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The face of marijuana cultivation in Mexico is changing as more and more independent, boutique cannabis growers are popping up, providing high-quality “ethical” strains of weed free of cartel violence and influence, according to a report by Vice Media.

There are a number of factors at play in this new dynamic, including the availability of specialized seeds from the United States and Europe, the possibility of legalization within the country by the end of the year and a decline in demand for mass-produced weed due to legalization in the U.S.  

But there is also a growing social consciousness among consumers that these small independent growers are banking on, marketing potent strains such as Chronic, Purple and Blue Dreams as “blood-free” weed, write Deborah Bonello and Miguel Angel Vega.

There is no cartel middleman in this emerging ethical cannabis market, with growers selling directly to dealers. 

Farmers in states such as Sinaloa have switched from large, outdoor crops to carefully tended indoor operations, using lights, fertilizers and fans to allow the plants to mature under optimal circumstances. They are also dabbling in producing oils, edibles and other companion products as customers look for innovation in forms of THC delivery.

Although this kind of production incurs significantly higher costs, there’s no profit-sharing with cartel enforcers and profit margins are significantly higher. Whereas weed growers used to get around US $25 per kilo, dealers are now buying top-level cannabis at a price that varies from US $1,278 to $1,700 per half kilo.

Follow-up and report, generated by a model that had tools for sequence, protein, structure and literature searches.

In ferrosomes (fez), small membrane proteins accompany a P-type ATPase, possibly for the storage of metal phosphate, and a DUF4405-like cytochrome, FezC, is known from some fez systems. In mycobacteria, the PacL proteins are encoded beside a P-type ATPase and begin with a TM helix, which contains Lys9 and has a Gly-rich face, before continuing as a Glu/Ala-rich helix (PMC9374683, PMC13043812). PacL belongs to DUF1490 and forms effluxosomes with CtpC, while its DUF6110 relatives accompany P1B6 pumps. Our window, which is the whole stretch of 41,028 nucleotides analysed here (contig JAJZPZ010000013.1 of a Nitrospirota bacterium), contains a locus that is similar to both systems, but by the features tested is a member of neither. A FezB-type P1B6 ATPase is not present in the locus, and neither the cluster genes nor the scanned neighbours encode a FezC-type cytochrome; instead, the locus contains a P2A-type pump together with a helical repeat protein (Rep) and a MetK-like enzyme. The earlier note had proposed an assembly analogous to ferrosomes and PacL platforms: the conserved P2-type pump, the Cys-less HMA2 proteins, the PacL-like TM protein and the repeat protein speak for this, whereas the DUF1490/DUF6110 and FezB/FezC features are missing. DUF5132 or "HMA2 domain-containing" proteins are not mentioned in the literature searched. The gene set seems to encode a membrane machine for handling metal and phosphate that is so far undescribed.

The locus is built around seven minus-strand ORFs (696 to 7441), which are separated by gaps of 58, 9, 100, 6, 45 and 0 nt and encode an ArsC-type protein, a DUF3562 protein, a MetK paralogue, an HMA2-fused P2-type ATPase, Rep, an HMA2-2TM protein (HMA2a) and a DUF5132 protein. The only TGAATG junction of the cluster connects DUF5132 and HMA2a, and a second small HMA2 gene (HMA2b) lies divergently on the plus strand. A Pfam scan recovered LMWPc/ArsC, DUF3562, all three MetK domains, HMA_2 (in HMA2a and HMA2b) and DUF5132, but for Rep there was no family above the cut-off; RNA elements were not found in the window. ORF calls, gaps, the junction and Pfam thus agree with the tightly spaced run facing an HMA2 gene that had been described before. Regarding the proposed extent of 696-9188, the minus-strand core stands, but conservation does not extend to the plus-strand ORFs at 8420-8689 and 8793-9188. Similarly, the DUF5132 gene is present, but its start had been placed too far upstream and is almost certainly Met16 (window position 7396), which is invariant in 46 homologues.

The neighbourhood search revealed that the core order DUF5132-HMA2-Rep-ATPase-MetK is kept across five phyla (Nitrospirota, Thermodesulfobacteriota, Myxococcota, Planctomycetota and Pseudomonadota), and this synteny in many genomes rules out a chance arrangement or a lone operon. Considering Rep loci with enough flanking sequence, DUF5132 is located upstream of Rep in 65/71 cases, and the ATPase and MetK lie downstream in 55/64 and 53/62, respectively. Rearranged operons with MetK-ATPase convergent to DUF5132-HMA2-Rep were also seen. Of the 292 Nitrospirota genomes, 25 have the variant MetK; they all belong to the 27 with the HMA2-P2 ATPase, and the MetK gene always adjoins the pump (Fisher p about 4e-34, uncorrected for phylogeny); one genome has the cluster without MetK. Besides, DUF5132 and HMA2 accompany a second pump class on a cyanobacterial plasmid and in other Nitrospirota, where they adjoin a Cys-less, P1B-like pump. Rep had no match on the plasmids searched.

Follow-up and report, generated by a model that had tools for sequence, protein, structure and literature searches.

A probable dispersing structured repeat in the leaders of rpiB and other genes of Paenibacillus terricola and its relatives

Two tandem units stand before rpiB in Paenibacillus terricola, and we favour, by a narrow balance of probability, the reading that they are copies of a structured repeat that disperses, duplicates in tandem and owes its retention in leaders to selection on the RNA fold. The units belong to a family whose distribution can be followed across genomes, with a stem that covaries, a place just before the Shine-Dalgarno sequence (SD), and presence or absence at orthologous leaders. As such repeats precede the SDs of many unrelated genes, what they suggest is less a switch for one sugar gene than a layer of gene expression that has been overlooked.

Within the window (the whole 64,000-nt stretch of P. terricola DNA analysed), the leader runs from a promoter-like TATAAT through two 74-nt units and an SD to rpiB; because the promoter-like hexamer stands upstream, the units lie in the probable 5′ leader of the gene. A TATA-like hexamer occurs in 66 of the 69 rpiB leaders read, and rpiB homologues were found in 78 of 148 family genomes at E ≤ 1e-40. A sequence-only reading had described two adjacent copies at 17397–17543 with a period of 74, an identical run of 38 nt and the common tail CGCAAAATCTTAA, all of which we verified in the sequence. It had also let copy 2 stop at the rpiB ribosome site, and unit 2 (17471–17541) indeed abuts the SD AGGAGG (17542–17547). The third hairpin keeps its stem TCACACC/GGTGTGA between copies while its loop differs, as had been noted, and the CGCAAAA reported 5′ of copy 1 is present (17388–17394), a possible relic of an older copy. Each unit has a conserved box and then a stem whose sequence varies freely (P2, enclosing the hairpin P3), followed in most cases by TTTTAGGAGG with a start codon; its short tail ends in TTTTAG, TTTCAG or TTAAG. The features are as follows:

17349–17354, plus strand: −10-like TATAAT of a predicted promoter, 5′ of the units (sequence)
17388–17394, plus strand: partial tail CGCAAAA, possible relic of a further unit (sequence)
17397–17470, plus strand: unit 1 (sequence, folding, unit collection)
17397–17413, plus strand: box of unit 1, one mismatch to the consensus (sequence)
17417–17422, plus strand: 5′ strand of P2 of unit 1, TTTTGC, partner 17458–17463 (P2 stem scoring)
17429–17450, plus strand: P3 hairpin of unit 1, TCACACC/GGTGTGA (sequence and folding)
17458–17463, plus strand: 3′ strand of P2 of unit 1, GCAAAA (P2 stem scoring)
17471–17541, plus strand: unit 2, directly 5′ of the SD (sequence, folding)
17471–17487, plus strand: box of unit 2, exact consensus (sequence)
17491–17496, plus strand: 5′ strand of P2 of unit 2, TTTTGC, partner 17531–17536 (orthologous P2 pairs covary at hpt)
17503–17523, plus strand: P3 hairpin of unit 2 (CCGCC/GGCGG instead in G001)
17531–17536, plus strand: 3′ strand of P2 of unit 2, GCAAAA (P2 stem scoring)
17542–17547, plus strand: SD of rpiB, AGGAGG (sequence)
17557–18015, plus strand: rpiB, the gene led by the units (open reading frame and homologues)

However, by eschewing cartels pot growers face a number of challenges. Creating their own infrastructure for transporting their crops to dealers is one problem; operating under the radar of violent cartels is quite another.

“You’re not benefiting from any cartel protection structures or mechanism,” Jaime López, a security analyst, told Vice. “As long as you stay small and not too flashy you might avoid the vultures. But that’s a big if.”

And with a vote looming in the Senate (postponed until May 30 due to the coronavirus lockdown) on the legalization of marijuana, whether small, ethical marijuana cultivators will be able to hold their own in a larger, commercial market remains to be seen.

For now, however, blood-free weed seems to have found its niche market.

Source: VICE (en)

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